But nations – even island nations – are too big and disparate to qualify as places. When I try to narrow it down, I’m stuck – I have no place identity. Brisbane is only home because of the people, not the place. Yes, the climate has “something to do with me” – I love the sun, the tropical storms, the mild winters. But that’s a south-east Queensland climate, not a specifically Brisbane one.

I have two strong place attachments – places to which I feel a strong emotional bond, though I respect the fact that I can’t speak of belonging there, and I can’t claim a voice in decisions that affect and alter these places. I’m not a resident, a member of those communities, a local, an insider. These places are Hervey Bay, and Stradbroke Island. Hervey Bay, where we spent every school holiday and many a Saturday when we lived in Maryborough.  A place my dad remembers before there was a shop. And Stradbroke Island, the place I run off to every chance I get to be alone,  swim, dive, walk, wonder, think, write. Have been doing so since that first traumatic year in Brisbane, aged 17. These are the only two places of which I ever say, “I love this place”. But they’re not home.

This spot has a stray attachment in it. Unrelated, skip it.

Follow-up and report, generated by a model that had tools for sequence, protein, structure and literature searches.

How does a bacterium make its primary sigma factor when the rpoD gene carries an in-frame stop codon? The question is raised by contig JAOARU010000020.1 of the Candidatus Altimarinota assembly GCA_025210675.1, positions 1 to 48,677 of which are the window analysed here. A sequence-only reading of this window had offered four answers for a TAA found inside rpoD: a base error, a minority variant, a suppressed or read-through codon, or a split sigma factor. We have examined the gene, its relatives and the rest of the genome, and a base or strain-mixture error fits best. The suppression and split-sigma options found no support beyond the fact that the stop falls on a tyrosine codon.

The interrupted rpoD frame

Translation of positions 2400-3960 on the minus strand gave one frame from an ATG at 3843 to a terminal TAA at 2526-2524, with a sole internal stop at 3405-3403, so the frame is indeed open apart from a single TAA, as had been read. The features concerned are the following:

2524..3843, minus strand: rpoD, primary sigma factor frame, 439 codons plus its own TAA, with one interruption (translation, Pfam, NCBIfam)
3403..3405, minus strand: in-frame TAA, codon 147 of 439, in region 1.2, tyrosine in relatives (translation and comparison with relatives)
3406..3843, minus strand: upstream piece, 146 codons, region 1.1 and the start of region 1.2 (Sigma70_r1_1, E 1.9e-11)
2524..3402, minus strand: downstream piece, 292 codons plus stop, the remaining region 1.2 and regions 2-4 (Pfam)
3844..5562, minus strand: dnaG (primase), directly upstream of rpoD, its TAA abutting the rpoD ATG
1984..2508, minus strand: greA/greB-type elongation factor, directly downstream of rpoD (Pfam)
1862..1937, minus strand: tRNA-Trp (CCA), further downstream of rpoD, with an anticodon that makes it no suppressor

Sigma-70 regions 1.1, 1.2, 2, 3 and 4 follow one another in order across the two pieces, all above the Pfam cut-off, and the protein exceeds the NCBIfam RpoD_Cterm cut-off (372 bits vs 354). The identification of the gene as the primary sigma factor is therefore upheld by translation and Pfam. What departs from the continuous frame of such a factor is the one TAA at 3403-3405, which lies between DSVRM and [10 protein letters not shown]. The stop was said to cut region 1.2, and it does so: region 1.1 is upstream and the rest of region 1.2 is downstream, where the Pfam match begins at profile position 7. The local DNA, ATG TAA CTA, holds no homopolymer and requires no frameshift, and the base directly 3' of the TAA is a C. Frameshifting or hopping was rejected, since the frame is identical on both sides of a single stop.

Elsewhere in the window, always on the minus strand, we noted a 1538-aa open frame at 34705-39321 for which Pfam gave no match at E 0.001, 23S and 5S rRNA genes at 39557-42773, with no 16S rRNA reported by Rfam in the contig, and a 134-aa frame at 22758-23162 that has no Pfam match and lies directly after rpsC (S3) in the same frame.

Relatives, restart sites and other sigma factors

What about you? What are the special places in your life? Does a particular place qualify as “home”, and if so why? And do you write about it?


About andreabaldwin

I'm a freelance writer, publishing travel articles and features. I also write short fiction and novels for adults, young adults and children. I've been a registered psychologist for 20 years, and my past careers have included clinical psychology, organisational psychology, and management. I'm interested in the interactions between people and places, particularly how the natural environment supports the health of individuals and communities, and the importance of caring for our environment. I'm also interested in the ways people use writing to better understand their own thoughts and feelings, and to connect with others.
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4 Responses to Notions of Home

  1. Hans Dauncey says: